7. Jared Kushner wants to set up webcams along the U.S.-Mexico border so people can livestream the construction of Trump's border wall. The U.S. Army Corps of Engineers and senior U.S. Customs and Border Protection officials object to the plan because it will make contractor's "proprietary" construction techniques visible to their competitors. Officials were also concerned that the cameras would show U.S. work crews violating Mexican sovereignty if they stray south of the border to maneuver vehicles and equipment. (Washington Post)

  8. poll/ 81% of voters say there's little or no chance they'll change their minds about impeachment after the public hearings. 50% of voters support the impeachment inquiry, compared with 41% who oppose it. (Politico)


📅 Timeline regarding Trump's call with Zelensky:

Source: Washington Post

July 25

  • 7:54 a.m. – Sondland called U.S. special envoy to Ukraine Kurt Volker, who was in Ukraine having lunch with Andriy Yermak, a senior aide to Zelensky.

  • 8:36 a.m. – Volker sent a text message to Yermak to say he "Heard from White House," and "Assuming President [Zelensky] convinces trump he will investigate / 'get to the bottom of what happened' in 2016, we will nail down date for visit to Washington. Good luck!"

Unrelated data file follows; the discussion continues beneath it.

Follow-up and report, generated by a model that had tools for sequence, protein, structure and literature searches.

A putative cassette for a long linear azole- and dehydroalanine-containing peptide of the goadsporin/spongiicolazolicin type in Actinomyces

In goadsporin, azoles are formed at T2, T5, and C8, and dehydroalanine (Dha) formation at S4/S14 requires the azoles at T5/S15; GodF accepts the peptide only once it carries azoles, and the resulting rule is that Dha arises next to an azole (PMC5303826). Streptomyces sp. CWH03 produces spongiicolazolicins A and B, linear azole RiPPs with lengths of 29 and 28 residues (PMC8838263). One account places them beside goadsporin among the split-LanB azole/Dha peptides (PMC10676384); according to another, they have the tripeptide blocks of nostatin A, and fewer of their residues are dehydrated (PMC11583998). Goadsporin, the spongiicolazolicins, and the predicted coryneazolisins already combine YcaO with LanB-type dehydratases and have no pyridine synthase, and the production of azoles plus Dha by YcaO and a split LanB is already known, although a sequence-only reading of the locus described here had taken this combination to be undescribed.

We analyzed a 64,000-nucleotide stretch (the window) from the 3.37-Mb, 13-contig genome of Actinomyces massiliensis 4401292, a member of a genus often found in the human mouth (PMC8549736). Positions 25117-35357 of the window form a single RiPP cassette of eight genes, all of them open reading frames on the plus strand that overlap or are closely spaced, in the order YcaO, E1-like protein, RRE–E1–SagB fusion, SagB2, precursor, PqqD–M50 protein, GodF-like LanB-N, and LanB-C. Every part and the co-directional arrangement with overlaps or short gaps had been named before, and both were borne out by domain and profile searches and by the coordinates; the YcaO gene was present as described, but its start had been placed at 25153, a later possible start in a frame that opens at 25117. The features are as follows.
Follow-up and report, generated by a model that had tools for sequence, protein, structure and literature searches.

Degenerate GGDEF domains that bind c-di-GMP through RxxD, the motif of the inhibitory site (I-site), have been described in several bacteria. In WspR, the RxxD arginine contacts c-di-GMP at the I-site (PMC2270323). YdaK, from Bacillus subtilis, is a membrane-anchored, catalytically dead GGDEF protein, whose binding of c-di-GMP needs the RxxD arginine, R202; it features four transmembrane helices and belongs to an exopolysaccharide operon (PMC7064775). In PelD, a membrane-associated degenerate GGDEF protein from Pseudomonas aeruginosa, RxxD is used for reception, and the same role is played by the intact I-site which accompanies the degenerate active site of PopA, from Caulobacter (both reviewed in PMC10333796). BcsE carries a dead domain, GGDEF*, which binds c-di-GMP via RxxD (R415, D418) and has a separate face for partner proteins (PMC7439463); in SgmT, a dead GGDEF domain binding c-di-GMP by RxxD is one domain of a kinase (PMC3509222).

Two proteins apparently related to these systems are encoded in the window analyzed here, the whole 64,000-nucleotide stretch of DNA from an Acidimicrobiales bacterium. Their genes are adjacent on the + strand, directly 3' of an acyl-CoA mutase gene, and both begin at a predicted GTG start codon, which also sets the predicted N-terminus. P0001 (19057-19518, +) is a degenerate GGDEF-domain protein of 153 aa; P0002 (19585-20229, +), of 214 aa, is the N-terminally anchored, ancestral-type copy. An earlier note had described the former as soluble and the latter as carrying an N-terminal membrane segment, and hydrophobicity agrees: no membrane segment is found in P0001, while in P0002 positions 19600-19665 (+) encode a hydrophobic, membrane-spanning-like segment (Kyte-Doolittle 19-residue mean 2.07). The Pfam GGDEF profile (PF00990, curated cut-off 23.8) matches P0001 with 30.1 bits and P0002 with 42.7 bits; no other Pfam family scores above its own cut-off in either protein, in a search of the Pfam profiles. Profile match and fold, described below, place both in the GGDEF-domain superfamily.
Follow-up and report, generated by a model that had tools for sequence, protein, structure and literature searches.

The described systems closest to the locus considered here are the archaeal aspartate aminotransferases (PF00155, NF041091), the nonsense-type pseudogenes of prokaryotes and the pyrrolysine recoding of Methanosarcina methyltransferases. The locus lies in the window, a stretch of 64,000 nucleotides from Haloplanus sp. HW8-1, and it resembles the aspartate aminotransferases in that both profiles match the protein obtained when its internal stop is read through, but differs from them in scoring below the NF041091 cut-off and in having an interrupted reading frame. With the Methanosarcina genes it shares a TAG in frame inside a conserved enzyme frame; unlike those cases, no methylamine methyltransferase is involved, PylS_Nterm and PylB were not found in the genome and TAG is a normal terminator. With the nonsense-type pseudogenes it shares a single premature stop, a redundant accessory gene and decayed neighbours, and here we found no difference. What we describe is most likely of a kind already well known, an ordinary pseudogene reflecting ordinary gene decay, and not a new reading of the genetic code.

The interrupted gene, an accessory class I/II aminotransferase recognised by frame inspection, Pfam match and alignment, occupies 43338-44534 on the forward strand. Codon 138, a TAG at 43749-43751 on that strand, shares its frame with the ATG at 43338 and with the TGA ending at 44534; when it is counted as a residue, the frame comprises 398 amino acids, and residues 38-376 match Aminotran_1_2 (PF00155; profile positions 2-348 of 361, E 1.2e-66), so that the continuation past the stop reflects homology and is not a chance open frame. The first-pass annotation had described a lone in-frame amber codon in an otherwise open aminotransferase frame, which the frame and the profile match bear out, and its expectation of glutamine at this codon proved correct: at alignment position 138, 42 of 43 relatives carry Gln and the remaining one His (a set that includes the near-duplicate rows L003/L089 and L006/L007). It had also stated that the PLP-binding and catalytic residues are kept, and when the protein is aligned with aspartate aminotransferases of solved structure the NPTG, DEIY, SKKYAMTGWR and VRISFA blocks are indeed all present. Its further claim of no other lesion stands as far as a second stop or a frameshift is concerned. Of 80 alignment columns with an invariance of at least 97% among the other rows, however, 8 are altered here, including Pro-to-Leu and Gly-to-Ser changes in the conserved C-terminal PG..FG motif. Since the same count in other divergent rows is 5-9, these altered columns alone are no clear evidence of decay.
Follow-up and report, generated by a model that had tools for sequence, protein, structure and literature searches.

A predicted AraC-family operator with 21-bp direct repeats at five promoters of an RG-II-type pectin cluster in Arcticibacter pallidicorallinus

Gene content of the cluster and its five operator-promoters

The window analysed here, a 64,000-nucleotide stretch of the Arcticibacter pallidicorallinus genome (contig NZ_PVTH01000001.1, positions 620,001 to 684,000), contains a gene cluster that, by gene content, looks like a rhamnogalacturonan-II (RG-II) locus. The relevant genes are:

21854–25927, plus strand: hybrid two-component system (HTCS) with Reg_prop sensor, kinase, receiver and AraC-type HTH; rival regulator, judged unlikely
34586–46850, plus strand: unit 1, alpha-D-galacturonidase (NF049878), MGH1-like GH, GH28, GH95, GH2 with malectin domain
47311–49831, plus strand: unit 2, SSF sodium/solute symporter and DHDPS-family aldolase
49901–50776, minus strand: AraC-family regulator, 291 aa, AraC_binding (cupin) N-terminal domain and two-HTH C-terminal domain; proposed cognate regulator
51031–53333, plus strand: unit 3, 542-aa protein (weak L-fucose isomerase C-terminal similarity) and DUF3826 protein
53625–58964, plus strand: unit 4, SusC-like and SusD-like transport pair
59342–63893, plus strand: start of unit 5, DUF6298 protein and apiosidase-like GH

• 9:03 a.m. – Trump and Zelensky spoke with Zelensky promising Trump that "all the investigations will be done openly and candidly." Trump replied "Good […] I will tell Rudy and Attorney General Barr to call […] Whenever you would like to come to the White House feel free to call." The call ended about 9:30 a.m.

  • 10:15 a.m. – Yermak texted Volker to say the call "went well" and that Zelensky had picked three dates in September "for the White House visit." Volker then updated Sondland to say he "think[s] everything in place."

July 26

  • Sondland traveled to Ukraine and during a TV interview linked to the Ukrainian government said he spoke with Trump "just a few minutes before he placed the call" with Zelensky. Sondland called it "a nothing call."

  • Acting Ukraine ambassador Bill Taylor and Volker met with Zelensky, who said "he was happy with the call but did not elaborate."

  • Sondland called Trump to tell him about the meetings in Kiev. A member of Taylor's staff heard Trump on the phone asking Sondland about "the investigations." The staffer, David Holmes, asked Sondlan what Trump thought about the meeting. Sondland, according to Taylor's testimony, said that "Trump cares more about the investigations of Biden, which Giuliani was pressing for."